New website – Shopping Portals
Saturday morning saw everyone at Everything Dinosaur working as usual sorting out orders, despatching parcels and devising the running order for our new 2008 calendar (coming soon, we promise)! We had a team meeting and amongst matters debated such as the expected shipping dates for our new clothing range and the organising of our blackberry picking expedition (more of this in a later blog); an e-mail that we had received was discussed.
The e-mail had been received late on Friday night (14th September), it was from a gentleman based in Northamptonshire (East Midlands of England) stating that he had linked our website to the dinosaur page on his shopping site. The site aims to provide a resource for busy people to find on line toys and gifts under one electronic roof as it were. Our IT expert calls this a shopping portal/shopping directory and although the site is relatively new, it has already built up an impressive list of mail order businesses.
I suppose it makes sense to include Everything Dinosaur if you are going to create a dinosaur page on a site such as toy-shelf.co.uk. After all, we are a company that specialises in prehistoric animals and with staff that are parents, teachers and dinosaur experts we certainly fit the bill.
We are very lucky to get registered on a lot of directories and shopping portals, we are a very credible company that has been around for a number of years and with all the new products, our blog and the new websites we are planning our online presence is growing all the time.
Find Everything Dinosaur on the World Wide Web
Picture credit: Everything Dinosaur
We wish the team behind this new website every success.
To visit Everything Dinosaur’s own award-winning website: Visit Everything Dinosaur.
A New Shopping Portal
This new website heralds from Northamptonshire. This county, situated in the middle of England has a fascinating geology. Underneath towns such as Daventry and Northampton there may well lie the remains of dinosaurs, many of them totally new to science. There are also likely to be a number of marine reptile fossils lying under the ground awaiting discovery. The truth is Northamptonshire has some remarkable geology. Much of the underlying and exposed strata is sedimentary rock albeit mixed in with a good deal of Quaternary (late Pleistocene) glacial melt water deposits and alluvial concentrations in the Nene valley in the direction of the Wash basin.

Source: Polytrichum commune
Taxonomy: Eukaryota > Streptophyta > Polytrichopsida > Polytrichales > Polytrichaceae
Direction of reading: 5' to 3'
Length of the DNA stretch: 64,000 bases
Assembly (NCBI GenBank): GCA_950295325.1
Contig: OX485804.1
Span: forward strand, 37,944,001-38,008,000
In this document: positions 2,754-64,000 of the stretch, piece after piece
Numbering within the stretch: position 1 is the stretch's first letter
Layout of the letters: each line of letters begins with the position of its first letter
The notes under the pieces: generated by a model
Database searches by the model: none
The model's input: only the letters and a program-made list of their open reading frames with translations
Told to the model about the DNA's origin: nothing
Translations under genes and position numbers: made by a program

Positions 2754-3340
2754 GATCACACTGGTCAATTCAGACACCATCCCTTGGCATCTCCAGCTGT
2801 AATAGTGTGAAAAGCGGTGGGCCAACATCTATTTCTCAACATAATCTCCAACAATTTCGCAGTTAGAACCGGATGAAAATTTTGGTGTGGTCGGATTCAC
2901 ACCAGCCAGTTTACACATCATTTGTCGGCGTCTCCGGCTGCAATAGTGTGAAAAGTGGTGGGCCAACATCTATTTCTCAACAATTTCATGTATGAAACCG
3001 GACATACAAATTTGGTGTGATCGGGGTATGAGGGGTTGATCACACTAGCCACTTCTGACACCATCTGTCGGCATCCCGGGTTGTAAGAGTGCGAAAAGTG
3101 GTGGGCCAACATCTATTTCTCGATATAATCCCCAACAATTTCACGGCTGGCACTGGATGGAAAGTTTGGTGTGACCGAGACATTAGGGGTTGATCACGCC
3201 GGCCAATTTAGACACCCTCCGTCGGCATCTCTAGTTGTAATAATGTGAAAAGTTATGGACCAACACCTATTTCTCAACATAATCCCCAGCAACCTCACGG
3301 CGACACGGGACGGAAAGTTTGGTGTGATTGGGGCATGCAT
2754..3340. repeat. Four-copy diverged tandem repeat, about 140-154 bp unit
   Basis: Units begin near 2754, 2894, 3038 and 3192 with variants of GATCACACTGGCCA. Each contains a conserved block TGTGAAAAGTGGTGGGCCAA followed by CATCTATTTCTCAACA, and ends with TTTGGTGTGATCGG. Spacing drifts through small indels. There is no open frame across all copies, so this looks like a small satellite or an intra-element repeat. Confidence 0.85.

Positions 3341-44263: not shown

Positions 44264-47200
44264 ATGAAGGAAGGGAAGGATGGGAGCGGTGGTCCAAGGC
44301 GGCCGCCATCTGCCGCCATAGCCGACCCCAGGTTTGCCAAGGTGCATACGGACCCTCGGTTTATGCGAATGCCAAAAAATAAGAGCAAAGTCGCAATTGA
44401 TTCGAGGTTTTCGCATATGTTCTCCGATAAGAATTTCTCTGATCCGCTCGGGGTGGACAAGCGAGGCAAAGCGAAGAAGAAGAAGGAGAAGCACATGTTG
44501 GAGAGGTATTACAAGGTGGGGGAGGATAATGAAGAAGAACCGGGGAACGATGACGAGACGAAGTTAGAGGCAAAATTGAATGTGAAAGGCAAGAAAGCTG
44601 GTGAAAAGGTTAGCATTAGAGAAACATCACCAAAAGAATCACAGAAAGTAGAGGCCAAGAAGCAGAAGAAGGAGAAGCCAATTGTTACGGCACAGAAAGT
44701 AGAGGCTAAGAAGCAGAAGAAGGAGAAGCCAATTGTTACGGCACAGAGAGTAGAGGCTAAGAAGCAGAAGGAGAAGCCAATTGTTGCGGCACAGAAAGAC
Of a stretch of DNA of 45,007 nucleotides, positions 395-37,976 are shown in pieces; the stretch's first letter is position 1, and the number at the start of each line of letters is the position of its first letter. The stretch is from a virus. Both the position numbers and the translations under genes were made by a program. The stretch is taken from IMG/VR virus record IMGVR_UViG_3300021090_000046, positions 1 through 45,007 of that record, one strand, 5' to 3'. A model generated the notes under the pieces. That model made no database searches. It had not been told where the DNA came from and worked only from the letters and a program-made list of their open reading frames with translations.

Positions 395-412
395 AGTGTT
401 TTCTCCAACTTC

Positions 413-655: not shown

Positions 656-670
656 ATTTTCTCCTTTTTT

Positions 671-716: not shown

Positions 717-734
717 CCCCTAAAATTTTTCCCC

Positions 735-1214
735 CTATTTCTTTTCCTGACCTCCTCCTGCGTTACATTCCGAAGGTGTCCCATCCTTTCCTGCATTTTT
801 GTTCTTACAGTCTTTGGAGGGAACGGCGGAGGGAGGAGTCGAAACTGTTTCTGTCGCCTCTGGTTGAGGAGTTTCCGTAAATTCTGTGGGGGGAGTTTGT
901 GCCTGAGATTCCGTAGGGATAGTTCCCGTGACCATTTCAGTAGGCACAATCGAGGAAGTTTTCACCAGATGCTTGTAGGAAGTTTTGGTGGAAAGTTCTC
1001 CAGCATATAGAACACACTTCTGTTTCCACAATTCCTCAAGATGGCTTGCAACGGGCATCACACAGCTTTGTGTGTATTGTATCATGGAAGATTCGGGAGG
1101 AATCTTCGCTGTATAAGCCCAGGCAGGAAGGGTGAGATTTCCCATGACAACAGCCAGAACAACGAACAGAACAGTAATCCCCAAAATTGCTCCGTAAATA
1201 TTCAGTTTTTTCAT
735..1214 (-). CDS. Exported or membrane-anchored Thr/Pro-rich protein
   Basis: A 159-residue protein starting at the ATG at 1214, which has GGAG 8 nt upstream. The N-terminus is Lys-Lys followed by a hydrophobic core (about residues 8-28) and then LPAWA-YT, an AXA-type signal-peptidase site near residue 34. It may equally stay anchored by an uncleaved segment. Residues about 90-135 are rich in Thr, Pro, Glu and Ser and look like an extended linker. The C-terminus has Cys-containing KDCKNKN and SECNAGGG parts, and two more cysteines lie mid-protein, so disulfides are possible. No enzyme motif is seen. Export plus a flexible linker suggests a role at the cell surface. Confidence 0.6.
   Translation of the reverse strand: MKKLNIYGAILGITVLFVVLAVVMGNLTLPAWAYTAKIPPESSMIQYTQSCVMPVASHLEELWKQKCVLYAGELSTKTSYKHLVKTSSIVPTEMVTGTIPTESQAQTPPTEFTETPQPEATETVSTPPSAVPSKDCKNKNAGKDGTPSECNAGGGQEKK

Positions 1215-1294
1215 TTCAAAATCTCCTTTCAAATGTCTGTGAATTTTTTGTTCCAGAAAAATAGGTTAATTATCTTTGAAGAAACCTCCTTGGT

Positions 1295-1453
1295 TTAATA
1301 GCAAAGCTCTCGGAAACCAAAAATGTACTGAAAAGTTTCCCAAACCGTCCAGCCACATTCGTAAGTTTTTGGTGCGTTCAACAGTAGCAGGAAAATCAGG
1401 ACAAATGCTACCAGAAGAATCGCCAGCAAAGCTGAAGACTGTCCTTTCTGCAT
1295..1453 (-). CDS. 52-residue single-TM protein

The majority of the sedimentary rocks found in the county date from the Jurassic period (208-144 mya), including rocks dating from the lower and mid Jurassic. For most of this time, the land that was to become Northamptonshire was underwater, it was covered by a shallow sea. Overtime as sea levels rose and fell (transgressive phases), the influence of river deltas and the deposition of sediments from the land was felt. These sediments make up part of the great Jurassic belt that runs from Dorset in the south to Cleveland in the north, but unfortunately so far no noteworthy dinosaur fossils have been discovered. If we do find any dinosaur fossils in strata such as the lower lias (dating from the early Jurassic) then they are likely to represent new genera as the fossil record for this particular part of the Mesozoic is very poor.
Finding dinosaurs in Northamptonshire could be tricky, as the geology represents a predominantly marine environment. Dinosaurs were purely terrestrial so unlikely to swim far out to sea and end up deposited as bones ready to be fossilised in the middle of the sea – but many dinosaur fossils have been found in marine sediments. For example, on many of our visits to our chums at Charmouth and the Visitor Centre on the Jurassic coast we marvel at the remains of several scelidosaurs that they have. This little armoured dinosaur lived in the early Jurassic and is only known from fossils recovered from in and around the Charmouth area. Although very much a “land-lubber” it seems that flood events occasionally washed animals and carcases out to sea and this is how a small, quadrupedal, herbivore was found in these marine sediments. Only eight Scelidosaurus fossils are known in the world, all of them having been found within one mile of the Charmouth visitor centre.
So for the people of Northamptonshire, you never know what might be lying just underneath the top soil in your garden!